What comes to mind when you think of the modern MINI? That it’s a British icon? The descendant of a 60s classic? Maybe even that famous car chase down the steps in The Italian Job?
You may be less aware that the brand invests heavily in sustainability and recycling. Within the next couple of years they’ll have an electric vehicle offering in every one of their market segments and by 2030 will be 100% electrified. MINI’s commitment to sustainability doesn’t stop there—they recycle 99% of the waste produced in their manufacturing, and 15% of the plastic components in their cars are from recycled materials (with an aim to lift this to 25%), as well as up to 40% of the metal.
MINI’s goal is to create a circular economy so that as few resources as possible are wasted throughout the resource extraction and production process, the lifecycle of the cars, and their eventual recycling.
This is how MINI met Melbourne artist and designer Joshua Space. From his Collingwood studio, Joshua works across fashion, textiles, furniture and sculpture.
“I work in a lot of mediums and their common thread is sustainable thinking, which is why I was drawn to working with MINI,” he says.
“When the partnership first came up, the thing that I thought about most was going back to MINI’s original designer, Alec Issigonis. His brief was to redesign, or reimagine, the car in a time the world was facing an oil crisis (the Suez Crisis of 1956). Which is fitting to our own time also, right? There’s a climate crisis that we’re all dealing with, and people are trying to design solutions for it.”
“So MINI was born out of challenging the existing norm. At a time when cars were big, fuel guzzling monsters, Alec’s mission was to make something that could challenge that. I think it was sustainable thinking before the word really existed. That’s good design, right?”
Inspired by MINI and extending his own practice, Joshua created the Void Mirror, a four-sided reflective sculpture partially made from recycled plastics.
“In my own work, the materials that I find the most interesting are those that are a challenge to work with. I’m bringing some of those materials, like recycled plastics, into contexts like mirrors or tables or chairs. And then highlighting those elements rather than hiding them. That’s important to me: really making it obvious where these recycled materials have come from.”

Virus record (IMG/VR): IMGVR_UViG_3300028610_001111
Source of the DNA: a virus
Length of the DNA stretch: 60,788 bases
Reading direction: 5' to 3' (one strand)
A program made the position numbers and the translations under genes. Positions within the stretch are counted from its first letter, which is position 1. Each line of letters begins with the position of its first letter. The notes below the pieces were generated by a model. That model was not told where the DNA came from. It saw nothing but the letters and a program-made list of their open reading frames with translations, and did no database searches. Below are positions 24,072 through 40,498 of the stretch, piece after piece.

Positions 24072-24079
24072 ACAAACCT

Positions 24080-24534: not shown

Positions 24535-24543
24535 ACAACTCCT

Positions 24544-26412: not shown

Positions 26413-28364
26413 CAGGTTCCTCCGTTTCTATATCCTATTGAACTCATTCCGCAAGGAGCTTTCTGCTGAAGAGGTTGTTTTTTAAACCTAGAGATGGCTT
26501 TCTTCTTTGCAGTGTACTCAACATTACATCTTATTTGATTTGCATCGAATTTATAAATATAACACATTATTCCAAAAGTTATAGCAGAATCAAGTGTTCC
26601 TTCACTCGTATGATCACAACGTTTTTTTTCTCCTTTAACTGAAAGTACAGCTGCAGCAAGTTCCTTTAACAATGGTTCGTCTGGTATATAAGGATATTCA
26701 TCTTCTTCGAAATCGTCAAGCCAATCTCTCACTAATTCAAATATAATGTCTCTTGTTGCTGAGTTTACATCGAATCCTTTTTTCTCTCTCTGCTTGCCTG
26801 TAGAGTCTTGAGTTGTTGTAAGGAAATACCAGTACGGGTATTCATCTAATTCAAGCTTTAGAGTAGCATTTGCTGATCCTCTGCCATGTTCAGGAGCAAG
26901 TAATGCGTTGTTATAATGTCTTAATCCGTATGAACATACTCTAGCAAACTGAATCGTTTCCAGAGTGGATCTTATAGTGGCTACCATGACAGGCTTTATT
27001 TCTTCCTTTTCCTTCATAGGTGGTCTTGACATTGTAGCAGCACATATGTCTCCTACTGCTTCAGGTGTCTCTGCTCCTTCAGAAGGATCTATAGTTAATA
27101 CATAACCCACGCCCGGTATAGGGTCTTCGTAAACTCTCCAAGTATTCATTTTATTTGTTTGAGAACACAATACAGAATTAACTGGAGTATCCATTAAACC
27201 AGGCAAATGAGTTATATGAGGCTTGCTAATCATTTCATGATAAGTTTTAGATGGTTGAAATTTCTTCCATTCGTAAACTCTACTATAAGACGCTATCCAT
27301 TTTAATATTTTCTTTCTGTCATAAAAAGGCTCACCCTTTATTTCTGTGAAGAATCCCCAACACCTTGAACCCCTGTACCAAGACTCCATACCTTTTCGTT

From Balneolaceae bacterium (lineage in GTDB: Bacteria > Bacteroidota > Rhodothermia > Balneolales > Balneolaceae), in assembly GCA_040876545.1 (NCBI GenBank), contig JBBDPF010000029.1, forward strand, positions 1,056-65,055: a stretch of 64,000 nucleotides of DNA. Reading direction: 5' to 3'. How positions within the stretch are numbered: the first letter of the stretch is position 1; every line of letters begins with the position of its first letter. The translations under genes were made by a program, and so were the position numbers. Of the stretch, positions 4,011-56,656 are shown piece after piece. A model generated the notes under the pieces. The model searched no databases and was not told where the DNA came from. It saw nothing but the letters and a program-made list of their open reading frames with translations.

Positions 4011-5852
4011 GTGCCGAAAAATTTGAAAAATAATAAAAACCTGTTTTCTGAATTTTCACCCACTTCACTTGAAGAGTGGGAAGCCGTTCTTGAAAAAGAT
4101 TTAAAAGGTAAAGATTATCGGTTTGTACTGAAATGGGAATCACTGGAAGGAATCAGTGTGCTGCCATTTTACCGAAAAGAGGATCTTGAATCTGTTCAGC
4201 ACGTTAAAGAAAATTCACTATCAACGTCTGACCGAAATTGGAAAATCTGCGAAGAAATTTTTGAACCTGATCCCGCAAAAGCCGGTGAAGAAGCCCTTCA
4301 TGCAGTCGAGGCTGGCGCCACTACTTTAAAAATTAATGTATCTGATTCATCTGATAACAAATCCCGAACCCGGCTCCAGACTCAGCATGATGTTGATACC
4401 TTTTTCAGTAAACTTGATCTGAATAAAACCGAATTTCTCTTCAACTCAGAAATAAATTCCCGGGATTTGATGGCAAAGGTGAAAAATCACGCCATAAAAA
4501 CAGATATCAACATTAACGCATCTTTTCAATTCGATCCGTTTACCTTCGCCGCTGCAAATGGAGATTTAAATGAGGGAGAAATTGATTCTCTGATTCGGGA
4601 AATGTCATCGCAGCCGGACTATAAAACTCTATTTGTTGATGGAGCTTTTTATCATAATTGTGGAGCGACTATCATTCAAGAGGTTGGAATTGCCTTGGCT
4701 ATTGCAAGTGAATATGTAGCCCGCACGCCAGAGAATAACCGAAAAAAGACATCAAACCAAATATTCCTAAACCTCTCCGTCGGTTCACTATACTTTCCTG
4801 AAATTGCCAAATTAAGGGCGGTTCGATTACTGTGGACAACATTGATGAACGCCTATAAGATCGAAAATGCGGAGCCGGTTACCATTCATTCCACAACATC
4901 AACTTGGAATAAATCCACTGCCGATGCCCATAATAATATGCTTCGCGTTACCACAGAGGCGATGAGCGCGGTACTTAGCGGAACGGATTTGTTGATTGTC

“At the core of the process was reflection. Thinking about how our inner lives are a two-way mirror onto the world—our environment shapes us but we also shape our environment.”
The Void Mirror is made from recycled plastics. Plastics that are found in things like car bumpers, bottles, lids and a million consumer goods. The mirror reflects our image back at us but it also shows us what we consume.
Like MINI, Joshua has been thinking hard about the lifecycle of his objects.
“I’m concentrating on making things that have a long lifespan. I think of them almost as generational pieces. I’m thinking about where they might end up and what value they add to a space, to someone’s life.”
Much like MINI’s circular economy, in Joshua’s work that’s a closed loop with three parts: the careful selection of sustainable, recycled materials to produce a quality object or artwork that will serve beautifully for years to come and then, if it should need to be retired, lead to a disposable path for its materials.
“The materials can be broken back down, recycled, all this recycled plastic can just run back into something or I can reprocess it back into another object.”
“A lot of it is about experimenting and trialling, especially on a smaller creative scale. I think bigger organisations have a responsibility to put in the infrastructure to make sure those things really happen, which is why it’s great to see MINI leading the way on this.”